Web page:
Additionally, the following challenges exist when exporting to China:
- Ongoing COVID-19 prevention measures have decreased predictability and increased the costs of PRC operations.
- A lack of regulatory clarity has undermined business confidence in many sectors as well as regulatory compliance risks.
- Government-led emphasis on self-reliance is creating additional uncertainty for foreign businesses.
- Inconsistent and generally unfavorable interpretation of regulations.
- Laws, regulations and other measures that called into question the openness of China’s investment regime.
U.S. exporters cite inconsistent regulatory interpretation and unclear laws as one of the biggest challenges to doing business in China. They also cite labor costs; obtaining required licenses; hiring and retaining qualified employees; industrial overcapacity; increasing protectionism; corruption; taxes; and lax enforcement and protection of intellectual property rights.
Intellectual Property Issues
In spite of small progress towards improving its intellectual property legal and regulatory regime, China continues to be a challenging environment for IP rights protection and enforcement; China’s IP issues are rampant and well-documented.
IP holders exporting to China must understand how to protect their IP under Chinese law before entering the market, and they should conduct thorough due diligence on potential partners or buyers before entering into any transaction. To learn more about how your company can protect its intellectual property in China, visit STOPfakes.gov. You can also refer to the summary of the programs available through the U.S. Department of Commerce to help U.S. firms develop an IP strategy plan.
Rules and Regulations In China
As previously mentioned, deciphering the many (often conflicting) Chinese rules and regulations can be frustrating in the least and, at worst, cause issues that force an exporter to stop trade to the country completely.
There are ways to combat these issues:
- Work closely with your local U.S. Commercial Service office. They will link you to offices in China that will help you establish your presence in China and assist you through difficulties you may face.
- Additionally, the U.S. Department of Commerce's Advocacy Center can help you with early stages of your project.
- Find partners who have experience working with China. Your freight forwarder and banker should have documented experience working with the country.
Exporting to China: The Opportunities
While the risks of exporting to China undoubtedly loom large, the potential rewards to exporting to China may as well. Exporters should identify and cultivate opportunities while building a strategy to minimize the risks.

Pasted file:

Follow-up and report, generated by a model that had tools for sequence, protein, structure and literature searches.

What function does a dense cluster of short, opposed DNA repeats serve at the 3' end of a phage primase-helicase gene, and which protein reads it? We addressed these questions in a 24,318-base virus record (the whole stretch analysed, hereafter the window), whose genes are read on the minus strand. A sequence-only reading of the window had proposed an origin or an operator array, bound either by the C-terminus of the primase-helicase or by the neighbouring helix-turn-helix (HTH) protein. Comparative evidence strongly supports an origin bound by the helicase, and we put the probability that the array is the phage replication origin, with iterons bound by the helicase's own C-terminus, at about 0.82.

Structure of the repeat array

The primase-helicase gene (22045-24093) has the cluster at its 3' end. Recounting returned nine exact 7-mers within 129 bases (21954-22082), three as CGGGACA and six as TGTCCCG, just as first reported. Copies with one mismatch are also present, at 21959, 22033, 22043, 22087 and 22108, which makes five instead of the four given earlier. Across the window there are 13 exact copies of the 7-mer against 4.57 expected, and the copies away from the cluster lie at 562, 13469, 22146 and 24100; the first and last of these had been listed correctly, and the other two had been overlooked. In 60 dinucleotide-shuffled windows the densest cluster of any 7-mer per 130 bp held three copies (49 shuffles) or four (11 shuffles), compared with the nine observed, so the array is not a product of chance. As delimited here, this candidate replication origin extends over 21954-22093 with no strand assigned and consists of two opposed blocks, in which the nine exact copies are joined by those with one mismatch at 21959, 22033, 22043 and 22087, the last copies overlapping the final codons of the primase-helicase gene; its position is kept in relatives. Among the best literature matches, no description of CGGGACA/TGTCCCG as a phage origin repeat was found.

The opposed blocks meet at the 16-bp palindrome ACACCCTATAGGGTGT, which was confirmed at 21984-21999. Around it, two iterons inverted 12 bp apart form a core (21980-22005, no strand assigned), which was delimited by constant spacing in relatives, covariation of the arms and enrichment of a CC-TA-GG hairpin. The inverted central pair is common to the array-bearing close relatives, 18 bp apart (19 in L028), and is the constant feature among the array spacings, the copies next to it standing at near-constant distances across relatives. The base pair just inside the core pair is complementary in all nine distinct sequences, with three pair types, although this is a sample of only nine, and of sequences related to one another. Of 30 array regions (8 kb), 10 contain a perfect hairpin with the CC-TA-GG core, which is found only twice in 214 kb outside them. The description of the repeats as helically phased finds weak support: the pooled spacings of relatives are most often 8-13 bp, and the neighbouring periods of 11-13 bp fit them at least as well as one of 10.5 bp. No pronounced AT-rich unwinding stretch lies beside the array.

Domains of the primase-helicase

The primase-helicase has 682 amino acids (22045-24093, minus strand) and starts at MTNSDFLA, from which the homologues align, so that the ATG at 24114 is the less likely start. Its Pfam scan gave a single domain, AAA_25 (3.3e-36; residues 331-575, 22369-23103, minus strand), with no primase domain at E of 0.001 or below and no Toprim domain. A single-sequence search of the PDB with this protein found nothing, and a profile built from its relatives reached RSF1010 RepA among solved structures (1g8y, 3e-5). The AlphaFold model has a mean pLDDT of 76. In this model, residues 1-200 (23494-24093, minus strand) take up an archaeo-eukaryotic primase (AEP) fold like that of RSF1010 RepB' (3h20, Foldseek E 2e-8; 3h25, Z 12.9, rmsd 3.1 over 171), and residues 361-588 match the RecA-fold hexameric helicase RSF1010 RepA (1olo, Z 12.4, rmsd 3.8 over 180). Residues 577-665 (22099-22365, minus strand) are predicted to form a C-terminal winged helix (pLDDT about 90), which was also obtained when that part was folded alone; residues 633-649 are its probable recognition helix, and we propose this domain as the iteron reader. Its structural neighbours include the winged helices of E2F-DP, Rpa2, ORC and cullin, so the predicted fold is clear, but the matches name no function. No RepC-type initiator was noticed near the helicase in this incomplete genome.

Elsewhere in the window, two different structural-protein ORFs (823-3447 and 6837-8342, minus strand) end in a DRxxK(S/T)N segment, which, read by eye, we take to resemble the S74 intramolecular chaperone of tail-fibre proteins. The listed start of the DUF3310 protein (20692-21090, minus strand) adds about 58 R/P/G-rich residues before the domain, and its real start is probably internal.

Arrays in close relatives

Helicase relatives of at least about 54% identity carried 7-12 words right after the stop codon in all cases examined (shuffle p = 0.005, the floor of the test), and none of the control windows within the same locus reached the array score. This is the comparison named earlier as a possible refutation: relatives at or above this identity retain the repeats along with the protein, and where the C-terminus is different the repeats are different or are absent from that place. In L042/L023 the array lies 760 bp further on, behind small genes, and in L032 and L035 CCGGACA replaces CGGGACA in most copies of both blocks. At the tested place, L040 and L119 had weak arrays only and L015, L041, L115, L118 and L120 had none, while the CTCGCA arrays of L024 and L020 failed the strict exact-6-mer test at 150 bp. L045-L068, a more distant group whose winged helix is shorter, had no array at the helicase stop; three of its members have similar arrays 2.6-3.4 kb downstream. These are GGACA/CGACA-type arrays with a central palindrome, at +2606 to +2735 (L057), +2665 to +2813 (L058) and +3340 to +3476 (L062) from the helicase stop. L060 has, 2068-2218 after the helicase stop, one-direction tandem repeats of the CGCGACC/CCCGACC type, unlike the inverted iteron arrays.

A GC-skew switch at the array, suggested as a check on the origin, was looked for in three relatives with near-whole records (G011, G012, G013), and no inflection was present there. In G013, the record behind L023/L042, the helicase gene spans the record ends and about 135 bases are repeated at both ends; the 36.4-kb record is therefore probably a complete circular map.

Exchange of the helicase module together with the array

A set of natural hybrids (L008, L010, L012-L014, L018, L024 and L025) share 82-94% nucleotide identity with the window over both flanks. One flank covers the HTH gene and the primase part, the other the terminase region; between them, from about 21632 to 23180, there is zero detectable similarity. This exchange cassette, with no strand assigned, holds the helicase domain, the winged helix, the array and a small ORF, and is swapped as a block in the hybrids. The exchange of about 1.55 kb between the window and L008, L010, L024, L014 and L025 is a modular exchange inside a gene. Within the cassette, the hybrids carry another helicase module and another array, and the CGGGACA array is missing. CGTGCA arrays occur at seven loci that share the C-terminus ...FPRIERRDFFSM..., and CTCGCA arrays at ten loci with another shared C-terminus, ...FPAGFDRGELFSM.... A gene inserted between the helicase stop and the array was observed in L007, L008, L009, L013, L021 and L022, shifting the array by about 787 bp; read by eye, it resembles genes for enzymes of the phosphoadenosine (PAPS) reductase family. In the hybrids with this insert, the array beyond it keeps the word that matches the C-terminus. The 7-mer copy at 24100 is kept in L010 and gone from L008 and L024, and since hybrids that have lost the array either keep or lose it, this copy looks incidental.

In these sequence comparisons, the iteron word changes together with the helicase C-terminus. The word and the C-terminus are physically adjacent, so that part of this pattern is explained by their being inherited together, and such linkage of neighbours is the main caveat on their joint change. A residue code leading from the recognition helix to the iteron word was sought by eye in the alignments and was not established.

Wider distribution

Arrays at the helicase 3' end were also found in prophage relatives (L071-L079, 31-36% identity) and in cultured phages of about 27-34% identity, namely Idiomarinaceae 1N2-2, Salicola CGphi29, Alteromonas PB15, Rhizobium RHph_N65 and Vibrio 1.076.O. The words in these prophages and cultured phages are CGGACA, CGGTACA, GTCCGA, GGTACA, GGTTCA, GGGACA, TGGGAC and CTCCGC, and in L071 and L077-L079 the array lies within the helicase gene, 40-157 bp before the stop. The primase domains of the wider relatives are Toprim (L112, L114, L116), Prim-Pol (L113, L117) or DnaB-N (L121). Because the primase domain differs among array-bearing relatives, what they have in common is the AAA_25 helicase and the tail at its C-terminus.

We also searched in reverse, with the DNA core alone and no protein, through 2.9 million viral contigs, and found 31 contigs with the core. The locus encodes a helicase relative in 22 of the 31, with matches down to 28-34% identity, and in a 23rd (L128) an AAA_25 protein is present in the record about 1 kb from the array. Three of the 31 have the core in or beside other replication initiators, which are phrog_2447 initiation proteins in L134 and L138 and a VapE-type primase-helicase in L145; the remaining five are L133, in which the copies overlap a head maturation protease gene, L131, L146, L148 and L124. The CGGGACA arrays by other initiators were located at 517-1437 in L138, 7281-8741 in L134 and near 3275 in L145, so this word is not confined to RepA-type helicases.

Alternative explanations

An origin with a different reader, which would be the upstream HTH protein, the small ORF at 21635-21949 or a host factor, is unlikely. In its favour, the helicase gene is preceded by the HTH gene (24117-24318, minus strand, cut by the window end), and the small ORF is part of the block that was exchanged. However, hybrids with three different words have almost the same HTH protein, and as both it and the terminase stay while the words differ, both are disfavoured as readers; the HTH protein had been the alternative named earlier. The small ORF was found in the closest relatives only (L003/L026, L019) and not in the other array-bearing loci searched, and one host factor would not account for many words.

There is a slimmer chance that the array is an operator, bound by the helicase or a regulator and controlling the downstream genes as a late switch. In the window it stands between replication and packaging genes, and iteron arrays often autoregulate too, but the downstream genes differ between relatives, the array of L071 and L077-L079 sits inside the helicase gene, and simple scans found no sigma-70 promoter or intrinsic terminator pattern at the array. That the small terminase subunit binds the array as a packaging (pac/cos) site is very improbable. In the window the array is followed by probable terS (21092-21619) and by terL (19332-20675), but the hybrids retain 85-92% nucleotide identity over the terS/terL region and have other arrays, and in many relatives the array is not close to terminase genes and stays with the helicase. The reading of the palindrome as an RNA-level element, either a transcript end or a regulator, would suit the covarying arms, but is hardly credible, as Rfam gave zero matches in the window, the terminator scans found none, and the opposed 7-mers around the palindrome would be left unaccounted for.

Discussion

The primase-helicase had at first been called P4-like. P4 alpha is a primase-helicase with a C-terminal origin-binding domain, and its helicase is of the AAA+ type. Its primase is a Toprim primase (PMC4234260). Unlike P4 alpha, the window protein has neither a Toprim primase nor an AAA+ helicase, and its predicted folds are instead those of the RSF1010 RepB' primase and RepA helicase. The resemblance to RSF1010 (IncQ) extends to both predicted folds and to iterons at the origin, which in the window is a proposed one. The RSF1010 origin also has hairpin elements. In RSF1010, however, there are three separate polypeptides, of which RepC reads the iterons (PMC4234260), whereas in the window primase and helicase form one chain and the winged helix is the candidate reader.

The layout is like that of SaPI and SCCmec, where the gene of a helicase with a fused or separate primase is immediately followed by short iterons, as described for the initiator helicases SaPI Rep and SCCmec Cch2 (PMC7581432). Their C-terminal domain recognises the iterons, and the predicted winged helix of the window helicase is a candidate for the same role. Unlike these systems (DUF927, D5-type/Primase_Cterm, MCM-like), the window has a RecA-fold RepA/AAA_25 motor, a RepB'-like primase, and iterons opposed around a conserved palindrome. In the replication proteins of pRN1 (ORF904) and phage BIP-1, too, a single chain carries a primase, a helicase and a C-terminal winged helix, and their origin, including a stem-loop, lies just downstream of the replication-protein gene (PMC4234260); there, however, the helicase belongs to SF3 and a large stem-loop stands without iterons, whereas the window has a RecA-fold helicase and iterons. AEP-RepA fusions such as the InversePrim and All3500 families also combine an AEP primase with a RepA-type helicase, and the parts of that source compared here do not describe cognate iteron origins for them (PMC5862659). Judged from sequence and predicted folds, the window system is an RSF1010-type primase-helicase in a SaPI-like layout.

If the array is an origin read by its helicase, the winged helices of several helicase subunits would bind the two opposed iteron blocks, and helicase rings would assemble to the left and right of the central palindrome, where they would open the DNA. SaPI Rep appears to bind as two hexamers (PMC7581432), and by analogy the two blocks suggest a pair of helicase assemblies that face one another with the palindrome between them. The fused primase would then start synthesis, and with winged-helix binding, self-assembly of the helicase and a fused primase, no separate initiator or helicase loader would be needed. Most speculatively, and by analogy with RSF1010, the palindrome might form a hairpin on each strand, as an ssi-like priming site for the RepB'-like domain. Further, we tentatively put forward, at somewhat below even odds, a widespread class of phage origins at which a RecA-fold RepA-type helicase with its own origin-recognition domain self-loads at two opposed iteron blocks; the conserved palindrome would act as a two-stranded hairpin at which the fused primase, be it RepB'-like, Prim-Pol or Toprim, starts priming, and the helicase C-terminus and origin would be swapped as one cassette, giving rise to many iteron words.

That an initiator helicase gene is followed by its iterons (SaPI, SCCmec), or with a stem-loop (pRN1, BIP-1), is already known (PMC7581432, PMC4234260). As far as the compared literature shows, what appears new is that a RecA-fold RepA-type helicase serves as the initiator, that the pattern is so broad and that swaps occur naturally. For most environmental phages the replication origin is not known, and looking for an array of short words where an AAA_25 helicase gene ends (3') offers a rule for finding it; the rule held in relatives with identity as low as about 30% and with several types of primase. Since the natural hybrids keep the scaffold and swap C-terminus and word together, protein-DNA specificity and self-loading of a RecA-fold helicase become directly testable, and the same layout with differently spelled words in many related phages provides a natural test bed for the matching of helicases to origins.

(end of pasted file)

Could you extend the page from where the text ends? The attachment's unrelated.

China’s status as a global manufacturing powerhouse is a huge driver of growth and potential for exporters. According to the ITA, China’s growing middle class will create market opportunities across a number of industries, and the manufacturing economy, which is already 50% larger than the U.S. manufacturing economy, will continue to evolve toward more technology-intensive high value-added production manufacturing.
China’s rapidly aging population, shrinking labor force, falling return on capital, and the need to provide services to a population with greater expectations, can potentially open opportunities for American exporters, and despite tensions in the U.S.-China bilateral relationship, American products continue to be viewed favorably by Chinese consumers.
According to the China Country Commercial Guide, the promising areas for future growth include the following:
- Cosmetics and toiletries
- Design and construction services
- Environmental Technology
If you do decide that the benefits of exporting to China outweigh the considerations, the best thing about exploring the opportunities to export to China is knowing you don’t need to go it alone. You can rely on assistance from your in-country allies, including the U.S. Commercial Service office, trade missions and chambers of commerce.
U.S. Commercial Service Office in China
One of the first places to consider are your local and in-country U.S. Commercial Service offices. The Commercial Service in-country offices offer U.S. exporters business partners in China—on the ground in the country—and include representation by an agent, distributors or partners who can provide essential local knowledge and contacts that can be critical for your success. You can learn more about in-country offices in our article, Tapping into the U.S. Commercial Service's In-Country Offices.
District Export Councils (DECs)
DECs across the country can help exporters by supporting trade and services that strengthen individual companies, stimulate U.S. economic growth, and create jobs. DEC members also serve as mentors to new exporters and can provide advice to smaller companies.
Sponsored by state and local trade offices as well as commercial service offices, trade missions are a great way to get introduced to and network with contacts. Check into them.
International Trade Administration (ITA)
The ITA is an excellent resource to help you combat problems. Staff at the ITA are resident experts in advocating for U.S. businesses of all sizes, customizing their services to help solve your trade dilemmas as efficiently as possible. If you find yourself caught in an unfair international trade situation, the ITA is a valuable resource that can expeditiously help you understand and solve your problems. The ITA makes it easy to report a problem, allowing you to submit your report online.
U.S.-China Chambers of Commerce
Chambers of commerce may be a way to help you when exporting to China. You can learn more about various chambers in our article, The Chamber of Commerce Role in Exporting.
Export Document Requirements for China
When exporting to China, documentation and procedures are critical. The documents you need will vary depending on your products, but include the following:
- Bill of lading
- Commercial invoice
- Packing List
- Sales contract
- Proforma invoice
- Certificate of origin signed by a local chamber of commerce
- AES filing
- Customs declaration
- Insurance policy
In addition, there are some more specialized documents that may be required:
- Import quota certificate for general commodities (where applicable).
- Import license (where applicable).
- Inspection certificate issued by the General Administration of Quality Supervision, Inspection, and Quarantine (AQSIQ) or its local bureau (where applicable).
- Other safety or quality licenses.
The Chinese importer will gather the documents necessary for importing goods and provide them to Chinese Customs agents.
Export Compliance Issues When Exporting to China